The external fund manager backed by Berkshire Hathaway’s Charlie Munger, Li Lu, makes no bones about it when he says ‘The biggest investment risk is not the volatility of prices, but whether you will suffer a permanent loss of capital. So it seems the smart money knows that debt – which is usually involved in bankruptcies – is a very important factor, when you assess how risky a company is. As with many other companies Contango Oil & Gas Company (NYSEMKT:MCF) makes use of debt. But should shareholders be worried about its use of debt?
What Risk Does Debt Bring?
Generally speaking, debt only becomes a real problem when a company can’t easily pay it off, either by raising capital or with its own cash flow. In the worst case scenario, a company can go bankrupt if it cannot pay its creditors. However, a more common (but still painful) scenario is that it has to raise new equity capital at a low price, thus permanently diluting shareholders. Of course, the upside of debt is that it often represents cheap capital, especially when it replaces dilution in a company with the ability to reinvest at high rates of return. When we examine debt levels, we first consider both cash and debt levels, together.
How Much Debt Does Contango Oil & Gas Carry?
The image below, which you can click on for greater detail, shows that at December 2019 Contango Oil & Gas had debt of US$72.8m, up from US$60.0m in one year. However, because it has a cash reserve of US$1.62m, its net debt is less, at about US$71.1m.
How Strong Is Contango Oil & Gas’s Balance Sheet?
According to the last reported balance sheet, Contango Oil & Gas had liabilities of US$110.5m due within 12 months, and liabilities of US$127.2m due beyond 12 months. Offsetting these obligations, it had cash of US$1.62m as well as receivables valued at US$39.6m due within 12 months. So its liabilities outweigh the sum of its cash and (near-term) receivables by US$196.6m.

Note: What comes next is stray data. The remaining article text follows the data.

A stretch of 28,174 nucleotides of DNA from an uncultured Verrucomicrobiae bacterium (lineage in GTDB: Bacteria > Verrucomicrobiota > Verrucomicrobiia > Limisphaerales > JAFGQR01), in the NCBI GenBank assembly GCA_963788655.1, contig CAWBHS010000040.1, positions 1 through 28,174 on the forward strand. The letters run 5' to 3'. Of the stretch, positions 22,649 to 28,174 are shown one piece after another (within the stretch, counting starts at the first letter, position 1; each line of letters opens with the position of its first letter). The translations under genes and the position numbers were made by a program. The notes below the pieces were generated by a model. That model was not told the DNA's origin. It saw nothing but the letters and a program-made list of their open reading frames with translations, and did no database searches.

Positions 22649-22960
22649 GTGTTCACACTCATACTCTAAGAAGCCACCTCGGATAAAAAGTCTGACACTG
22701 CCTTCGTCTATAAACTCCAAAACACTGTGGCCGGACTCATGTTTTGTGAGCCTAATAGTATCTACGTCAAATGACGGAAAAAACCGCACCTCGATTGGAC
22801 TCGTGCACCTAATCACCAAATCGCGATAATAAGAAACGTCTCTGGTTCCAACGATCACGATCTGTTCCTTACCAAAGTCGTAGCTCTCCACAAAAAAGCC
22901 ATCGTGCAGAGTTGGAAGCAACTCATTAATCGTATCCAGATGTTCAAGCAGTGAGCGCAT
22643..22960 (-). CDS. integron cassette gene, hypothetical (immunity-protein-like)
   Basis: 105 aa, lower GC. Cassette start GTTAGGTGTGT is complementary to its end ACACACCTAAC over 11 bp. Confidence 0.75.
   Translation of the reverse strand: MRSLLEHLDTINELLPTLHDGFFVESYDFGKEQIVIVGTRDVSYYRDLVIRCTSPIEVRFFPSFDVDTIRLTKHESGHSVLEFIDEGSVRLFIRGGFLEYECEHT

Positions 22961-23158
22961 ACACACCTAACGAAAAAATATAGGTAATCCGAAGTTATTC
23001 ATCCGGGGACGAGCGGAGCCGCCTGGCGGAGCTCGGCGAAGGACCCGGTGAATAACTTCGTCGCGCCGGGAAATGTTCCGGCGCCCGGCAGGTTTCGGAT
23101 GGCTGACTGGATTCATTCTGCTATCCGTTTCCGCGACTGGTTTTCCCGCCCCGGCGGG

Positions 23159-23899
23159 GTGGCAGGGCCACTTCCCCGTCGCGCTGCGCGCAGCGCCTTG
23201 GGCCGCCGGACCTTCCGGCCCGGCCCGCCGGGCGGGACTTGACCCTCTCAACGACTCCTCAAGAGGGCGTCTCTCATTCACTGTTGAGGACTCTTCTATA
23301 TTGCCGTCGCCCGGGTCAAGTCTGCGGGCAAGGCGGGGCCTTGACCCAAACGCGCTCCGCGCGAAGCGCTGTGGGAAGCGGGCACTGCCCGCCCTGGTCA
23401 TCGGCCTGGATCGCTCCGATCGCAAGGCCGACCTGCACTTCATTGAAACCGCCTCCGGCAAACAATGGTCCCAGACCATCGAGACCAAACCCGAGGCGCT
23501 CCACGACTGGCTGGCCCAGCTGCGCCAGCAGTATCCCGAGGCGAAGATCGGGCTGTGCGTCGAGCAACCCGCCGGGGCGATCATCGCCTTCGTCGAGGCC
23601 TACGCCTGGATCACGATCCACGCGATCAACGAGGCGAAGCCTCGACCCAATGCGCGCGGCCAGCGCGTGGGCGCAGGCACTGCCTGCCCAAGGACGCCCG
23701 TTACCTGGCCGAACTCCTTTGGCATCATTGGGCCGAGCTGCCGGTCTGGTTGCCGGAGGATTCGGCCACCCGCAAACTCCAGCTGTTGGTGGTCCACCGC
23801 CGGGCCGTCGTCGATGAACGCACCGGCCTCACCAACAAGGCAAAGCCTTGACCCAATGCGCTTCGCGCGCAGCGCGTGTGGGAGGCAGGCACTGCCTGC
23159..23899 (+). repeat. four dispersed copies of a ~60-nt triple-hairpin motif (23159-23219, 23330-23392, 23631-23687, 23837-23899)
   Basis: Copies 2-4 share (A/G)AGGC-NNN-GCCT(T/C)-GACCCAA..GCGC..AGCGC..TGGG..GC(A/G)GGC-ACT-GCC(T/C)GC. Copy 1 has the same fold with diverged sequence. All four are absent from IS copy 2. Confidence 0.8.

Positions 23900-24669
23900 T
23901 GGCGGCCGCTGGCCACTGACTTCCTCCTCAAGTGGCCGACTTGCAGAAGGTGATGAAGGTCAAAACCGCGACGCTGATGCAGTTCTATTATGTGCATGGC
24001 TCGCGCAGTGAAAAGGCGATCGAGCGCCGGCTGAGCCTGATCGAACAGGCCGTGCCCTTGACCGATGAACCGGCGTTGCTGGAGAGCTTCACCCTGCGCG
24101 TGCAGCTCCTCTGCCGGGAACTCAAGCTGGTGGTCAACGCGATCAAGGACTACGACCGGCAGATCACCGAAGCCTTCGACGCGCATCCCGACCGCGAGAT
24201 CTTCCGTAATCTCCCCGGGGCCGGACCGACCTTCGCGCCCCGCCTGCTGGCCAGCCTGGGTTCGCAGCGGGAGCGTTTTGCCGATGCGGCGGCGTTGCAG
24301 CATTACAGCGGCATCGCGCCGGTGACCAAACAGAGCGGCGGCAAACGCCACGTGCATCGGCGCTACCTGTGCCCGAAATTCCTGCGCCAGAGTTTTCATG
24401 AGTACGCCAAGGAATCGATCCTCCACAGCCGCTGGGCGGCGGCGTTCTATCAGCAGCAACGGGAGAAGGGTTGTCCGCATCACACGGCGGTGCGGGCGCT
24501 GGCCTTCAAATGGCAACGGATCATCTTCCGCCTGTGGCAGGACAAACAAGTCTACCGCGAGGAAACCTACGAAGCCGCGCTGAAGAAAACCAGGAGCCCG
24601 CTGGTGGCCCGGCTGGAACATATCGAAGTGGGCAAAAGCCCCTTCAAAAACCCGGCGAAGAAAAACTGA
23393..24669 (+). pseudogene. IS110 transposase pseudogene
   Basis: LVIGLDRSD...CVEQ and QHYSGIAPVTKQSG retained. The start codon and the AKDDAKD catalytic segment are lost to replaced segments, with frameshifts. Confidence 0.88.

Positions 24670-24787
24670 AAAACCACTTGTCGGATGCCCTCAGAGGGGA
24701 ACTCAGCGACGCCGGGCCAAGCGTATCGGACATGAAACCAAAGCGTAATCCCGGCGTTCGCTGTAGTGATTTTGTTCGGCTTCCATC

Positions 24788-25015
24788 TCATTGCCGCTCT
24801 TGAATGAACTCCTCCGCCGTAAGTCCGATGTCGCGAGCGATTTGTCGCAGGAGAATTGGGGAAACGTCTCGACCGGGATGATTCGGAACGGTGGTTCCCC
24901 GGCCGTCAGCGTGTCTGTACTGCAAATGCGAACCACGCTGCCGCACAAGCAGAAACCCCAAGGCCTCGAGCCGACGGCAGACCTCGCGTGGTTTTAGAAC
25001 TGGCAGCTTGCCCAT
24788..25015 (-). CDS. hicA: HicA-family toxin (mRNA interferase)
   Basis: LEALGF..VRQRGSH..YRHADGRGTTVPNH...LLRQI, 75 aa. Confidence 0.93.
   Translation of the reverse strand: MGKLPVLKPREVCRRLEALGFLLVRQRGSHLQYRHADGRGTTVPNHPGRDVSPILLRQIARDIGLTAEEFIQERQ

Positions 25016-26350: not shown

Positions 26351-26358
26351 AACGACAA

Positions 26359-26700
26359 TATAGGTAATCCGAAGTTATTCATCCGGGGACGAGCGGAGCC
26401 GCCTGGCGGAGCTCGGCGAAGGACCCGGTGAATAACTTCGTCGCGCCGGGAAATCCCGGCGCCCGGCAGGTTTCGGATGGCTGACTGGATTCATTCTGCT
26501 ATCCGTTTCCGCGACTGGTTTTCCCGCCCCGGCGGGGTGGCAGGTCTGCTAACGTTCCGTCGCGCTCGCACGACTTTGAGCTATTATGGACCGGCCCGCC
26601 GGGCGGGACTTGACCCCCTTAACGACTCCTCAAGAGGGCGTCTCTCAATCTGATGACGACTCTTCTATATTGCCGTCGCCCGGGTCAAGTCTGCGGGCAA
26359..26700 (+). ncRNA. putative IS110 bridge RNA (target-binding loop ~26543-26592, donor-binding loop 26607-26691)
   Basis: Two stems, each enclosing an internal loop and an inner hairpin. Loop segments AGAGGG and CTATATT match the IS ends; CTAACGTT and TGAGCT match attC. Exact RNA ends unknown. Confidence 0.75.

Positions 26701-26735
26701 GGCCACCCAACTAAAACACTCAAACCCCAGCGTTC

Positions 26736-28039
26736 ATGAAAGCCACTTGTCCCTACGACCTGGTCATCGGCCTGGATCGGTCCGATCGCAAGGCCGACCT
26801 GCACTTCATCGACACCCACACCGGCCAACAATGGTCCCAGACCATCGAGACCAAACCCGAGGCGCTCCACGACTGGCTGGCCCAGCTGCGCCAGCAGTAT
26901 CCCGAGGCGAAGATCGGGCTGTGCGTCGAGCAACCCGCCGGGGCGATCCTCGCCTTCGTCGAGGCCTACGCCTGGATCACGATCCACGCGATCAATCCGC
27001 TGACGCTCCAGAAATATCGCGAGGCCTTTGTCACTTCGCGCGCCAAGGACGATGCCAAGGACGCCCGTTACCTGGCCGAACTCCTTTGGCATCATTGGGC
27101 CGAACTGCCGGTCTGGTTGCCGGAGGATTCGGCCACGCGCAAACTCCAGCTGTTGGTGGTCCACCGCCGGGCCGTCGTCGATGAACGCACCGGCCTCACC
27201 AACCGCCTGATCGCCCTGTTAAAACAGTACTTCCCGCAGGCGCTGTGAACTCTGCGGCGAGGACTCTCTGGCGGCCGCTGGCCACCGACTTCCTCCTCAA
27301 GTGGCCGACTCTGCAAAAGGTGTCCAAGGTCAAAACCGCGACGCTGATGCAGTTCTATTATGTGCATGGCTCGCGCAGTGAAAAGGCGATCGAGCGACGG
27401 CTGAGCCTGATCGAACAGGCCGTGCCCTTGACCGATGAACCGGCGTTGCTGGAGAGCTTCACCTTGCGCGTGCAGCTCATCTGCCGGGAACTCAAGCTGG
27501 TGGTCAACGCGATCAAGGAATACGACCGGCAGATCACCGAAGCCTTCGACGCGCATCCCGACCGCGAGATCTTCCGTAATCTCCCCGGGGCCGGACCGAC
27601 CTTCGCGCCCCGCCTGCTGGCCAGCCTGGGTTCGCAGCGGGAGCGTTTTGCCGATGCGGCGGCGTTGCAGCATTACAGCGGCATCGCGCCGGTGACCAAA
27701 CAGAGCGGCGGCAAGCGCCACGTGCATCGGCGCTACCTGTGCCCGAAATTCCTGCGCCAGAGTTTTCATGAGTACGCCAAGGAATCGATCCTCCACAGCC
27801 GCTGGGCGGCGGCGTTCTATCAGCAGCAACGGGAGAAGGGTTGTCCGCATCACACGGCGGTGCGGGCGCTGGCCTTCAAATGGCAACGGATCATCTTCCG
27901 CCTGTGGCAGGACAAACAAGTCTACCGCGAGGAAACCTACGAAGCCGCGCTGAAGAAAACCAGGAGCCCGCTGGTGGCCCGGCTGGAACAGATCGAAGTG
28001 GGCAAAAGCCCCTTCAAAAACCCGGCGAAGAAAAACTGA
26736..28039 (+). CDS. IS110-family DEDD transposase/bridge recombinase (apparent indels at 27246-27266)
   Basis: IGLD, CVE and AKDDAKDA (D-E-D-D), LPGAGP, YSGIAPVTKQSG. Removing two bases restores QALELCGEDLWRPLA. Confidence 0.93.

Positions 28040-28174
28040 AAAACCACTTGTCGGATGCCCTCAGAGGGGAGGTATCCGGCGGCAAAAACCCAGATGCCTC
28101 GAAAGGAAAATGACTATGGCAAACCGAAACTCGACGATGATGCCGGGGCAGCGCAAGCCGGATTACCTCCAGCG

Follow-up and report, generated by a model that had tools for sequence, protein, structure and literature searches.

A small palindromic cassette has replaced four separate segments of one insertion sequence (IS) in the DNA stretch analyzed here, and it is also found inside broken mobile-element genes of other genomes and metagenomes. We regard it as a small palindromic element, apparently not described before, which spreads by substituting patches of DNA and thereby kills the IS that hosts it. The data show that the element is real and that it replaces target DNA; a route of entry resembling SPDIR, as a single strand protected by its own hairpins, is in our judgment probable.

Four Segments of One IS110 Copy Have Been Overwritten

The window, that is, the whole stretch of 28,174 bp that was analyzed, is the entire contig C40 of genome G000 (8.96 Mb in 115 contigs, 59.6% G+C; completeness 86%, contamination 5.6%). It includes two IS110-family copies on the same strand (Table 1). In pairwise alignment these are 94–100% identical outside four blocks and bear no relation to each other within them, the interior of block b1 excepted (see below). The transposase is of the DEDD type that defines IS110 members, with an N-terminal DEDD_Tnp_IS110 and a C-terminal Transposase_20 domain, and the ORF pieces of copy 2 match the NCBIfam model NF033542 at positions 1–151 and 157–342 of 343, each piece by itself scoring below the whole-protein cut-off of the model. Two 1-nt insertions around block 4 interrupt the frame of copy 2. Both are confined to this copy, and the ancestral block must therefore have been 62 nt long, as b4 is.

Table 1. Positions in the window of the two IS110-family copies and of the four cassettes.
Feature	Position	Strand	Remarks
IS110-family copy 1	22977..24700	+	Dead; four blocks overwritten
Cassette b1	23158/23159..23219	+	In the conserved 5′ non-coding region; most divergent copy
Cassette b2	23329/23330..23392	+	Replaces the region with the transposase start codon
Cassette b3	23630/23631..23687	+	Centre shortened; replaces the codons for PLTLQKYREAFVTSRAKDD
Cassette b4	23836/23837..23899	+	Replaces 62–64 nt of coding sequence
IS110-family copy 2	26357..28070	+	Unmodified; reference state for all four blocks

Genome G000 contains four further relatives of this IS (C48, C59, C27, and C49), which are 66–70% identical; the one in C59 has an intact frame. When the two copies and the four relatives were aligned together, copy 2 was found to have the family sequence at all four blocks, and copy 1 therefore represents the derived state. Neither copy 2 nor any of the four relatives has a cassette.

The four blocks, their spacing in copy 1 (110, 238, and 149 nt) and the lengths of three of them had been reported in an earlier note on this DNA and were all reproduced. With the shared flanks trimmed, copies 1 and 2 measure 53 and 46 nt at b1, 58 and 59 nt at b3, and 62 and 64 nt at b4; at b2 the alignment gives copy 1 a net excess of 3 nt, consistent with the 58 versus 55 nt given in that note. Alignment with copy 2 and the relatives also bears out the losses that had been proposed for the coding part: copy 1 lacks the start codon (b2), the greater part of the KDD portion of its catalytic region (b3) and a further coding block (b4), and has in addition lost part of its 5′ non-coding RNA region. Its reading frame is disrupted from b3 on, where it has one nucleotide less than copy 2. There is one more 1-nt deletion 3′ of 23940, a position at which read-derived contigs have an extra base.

This deficit is considerable relative to its market capitalization of US$308.5m, so it does suggest shareholders should keep an eye on Contango Oil & Gas’s use of debt. This suggests shareholders would be heavily diluted if the company needed to shore up its balance sheet in a hurry. The balance sheet is clearly the area to focus on when you are analysing debt. But it is Contango Oil & Gas’s earnings that will influence how the balance sheet holds up in the future. So when considering debt, it’s definitely worth looking at the earnings trend. Click here for an interactive snapshot.
Over 12 months, Contango Oil & Gas saw its revenue hold pretty steady, and it did not report positive earnings before interest and tax. While that’s not too bad, we’d prefer see growth.
Importantly, Contango Oil & Gas had negative earnings before interest and tax (EBIT), over the last year. Indeed, it lost a very considerable US$150m at the EBIT level. When we look at that and recall the liabilities on its balance sheet, relative to cash, it seems unwise to us for the company to have any debt. So we think its balance sheet is a little strained, though not beyond repair. However, it doesn’t help that it burned through US$133m of cash over the last year. So suffice it to say we consider the stock very risky. The balance sheet is clearly the area to focus on when you are analysing debt. But ultimately, every company can contain risks that exist outside of the balance sheet. Like risks, for instance. Every company has them, and we’ve spotted 4 warning signs for Contango Oil & Gas (of which 2 make us uncomfortable!) you should know about.
If you’re interested in investing in businesses that can grow profits without the burden of debt, then check out this free list of growing businesses that have net cash on the balance sheet.
If you spot an error that warrants correction, please contact the editor at email@example.com. This article by Simply Wall St is general in nature. It does not constitute a recommendation to buy or sell any stock, and does not take account of your objectives, or your financial situation. Simply Wall St has no position in the stocks mentioned.
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